There is a little preacher away back near Bobcaygeon somewhere, and when his old College President met him and asked him how he was getting on he said, "I never worked so hard in my life as I am working this year." Why? "Because this programme of the Forward Movement puts it up to me every minute and I daren't lose a second in putting this thing over." A letter comes in from another place away down in the corner of Western Ontario, from a little country church of two or three hundred people, and they say, "We have raised our objective of $3,800; we want to get rid of that and concentrate on the spiritual end of this campaign." These are illustrations of what is taking place in Canada and they are characteristically Canadian. The people of Canada generally have the same ideals that were exemplified by our men overseas, and this campaign of the Forward Movement gives us an opportunity to work, to give of our money, to give of our time and our organizing ability and to give to the limit for the betterment of the land that has been bought and paid for with its citizens by the blood of those who have made the great sacrifice.
The tearing down of a great, monstrous machine like Prussia is an extremely important and an extremely spectacular piece of work. The building up of the structure of civilization through the ages and making it more Christian and more free is a vastly greater though a much less spectacular piece of work; and the difference is that it is your job and mine, and not the other fellow's. So we find, as a matter of coincidence, that the Church of England almost spontaneously began the campaign for the Forward Movement, and the Presbyterians and Methodists and Baptists found they were working on the idea and that their people demanded they be led forward. These bodies came together and they formed a common campaign which is now going forward and which will culminate in a financial drive in the second week of February. With regard to the spiritual objectives I will not speak, not because they are not equally or more important, but because others can speak of them better than I.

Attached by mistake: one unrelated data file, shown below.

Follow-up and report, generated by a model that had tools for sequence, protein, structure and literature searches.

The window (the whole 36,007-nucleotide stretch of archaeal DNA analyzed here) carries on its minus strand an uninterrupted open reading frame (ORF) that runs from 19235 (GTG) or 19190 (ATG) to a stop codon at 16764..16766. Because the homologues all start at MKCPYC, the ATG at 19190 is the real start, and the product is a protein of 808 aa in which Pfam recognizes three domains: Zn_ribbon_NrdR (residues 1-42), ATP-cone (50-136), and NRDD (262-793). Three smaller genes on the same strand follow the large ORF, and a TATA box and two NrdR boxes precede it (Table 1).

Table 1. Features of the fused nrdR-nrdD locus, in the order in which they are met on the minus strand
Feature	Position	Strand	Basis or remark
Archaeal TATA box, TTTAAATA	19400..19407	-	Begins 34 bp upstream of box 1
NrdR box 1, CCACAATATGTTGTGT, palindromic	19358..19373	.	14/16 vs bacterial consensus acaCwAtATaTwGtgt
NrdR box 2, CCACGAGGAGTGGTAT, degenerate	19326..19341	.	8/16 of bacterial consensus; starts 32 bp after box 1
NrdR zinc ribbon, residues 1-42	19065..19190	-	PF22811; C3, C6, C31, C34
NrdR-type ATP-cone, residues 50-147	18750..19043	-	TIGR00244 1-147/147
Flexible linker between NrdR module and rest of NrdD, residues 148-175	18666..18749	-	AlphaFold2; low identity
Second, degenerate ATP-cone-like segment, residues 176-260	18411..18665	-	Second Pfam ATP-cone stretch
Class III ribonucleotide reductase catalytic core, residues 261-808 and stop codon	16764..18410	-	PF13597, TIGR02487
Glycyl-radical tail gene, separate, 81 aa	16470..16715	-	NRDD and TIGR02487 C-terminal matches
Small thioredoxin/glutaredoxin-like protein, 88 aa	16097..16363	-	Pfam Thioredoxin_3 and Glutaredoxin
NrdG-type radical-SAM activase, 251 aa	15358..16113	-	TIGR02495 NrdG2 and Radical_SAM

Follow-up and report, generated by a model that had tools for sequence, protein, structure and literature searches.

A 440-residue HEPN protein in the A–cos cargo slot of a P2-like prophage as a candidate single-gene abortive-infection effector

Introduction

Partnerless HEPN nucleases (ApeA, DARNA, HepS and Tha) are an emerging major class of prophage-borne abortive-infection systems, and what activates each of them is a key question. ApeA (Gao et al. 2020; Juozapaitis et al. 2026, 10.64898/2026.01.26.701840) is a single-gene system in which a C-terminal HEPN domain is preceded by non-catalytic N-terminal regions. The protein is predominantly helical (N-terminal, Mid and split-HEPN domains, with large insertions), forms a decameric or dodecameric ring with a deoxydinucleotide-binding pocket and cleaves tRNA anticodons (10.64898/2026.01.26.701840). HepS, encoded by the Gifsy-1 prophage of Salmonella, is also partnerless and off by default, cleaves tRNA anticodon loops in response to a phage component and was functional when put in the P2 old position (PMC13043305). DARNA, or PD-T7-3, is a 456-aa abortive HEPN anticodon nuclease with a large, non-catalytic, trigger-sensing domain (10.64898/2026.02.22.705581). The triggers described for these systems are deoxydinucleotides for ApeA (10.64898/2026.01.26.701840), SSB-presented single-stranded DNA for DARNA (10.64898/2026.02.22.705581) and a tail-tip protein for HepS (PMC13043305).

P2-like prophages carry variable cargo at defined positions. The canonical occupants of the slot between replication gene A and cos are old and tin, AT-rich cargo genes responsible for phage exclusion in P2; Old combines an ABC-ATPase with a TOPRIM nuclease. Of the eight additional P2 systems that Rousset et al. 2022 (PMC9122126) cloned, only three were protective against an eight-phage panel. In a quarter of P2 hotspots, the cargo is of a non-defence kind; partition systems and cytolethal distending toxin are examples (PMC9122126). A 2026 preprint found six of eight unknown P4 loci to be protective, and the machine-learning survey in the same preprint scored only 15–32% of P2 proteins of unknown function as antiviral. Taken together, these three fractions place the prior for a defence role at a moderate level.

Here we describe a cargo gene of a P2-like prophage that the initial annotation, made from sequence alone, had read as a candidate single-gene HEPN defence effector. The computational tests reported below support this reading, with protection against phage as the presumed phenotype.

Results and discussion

So far as the financial drive is concerned it has three main branches, education, pensions for the aged ministers, and missions. Now, is it not absolutely vital, Gentlemen, that if the Church, if Christianity, is to be strong, its leaders, its workers preachers and young men, whether in the ministry or in business, or wherever they may be, shall be well-instructed and grounded and know what they are talking about. You cannot have your colleges too strong in these days. The minister of the Gospel, the lawyer in the court, and the business man in his office, each has got to know, in order that he may give adequate leadership in these days. What is the basis of Bolshevism? Ignorance. You couldn't get this assembly of people into Bolshevism, but you take a poor, misinformed man from the far parts of Russia, who knows nothing about the advantages of liberty and freedom and ordered government, and he easily becomes the victim of that sort of thing. So our leadership must be strong. We must have strong educational influence, and accordingly a substantial part of this campaign is for education, for paying -off the debts of colleges, for making them stronger, for giving us adequate leadership.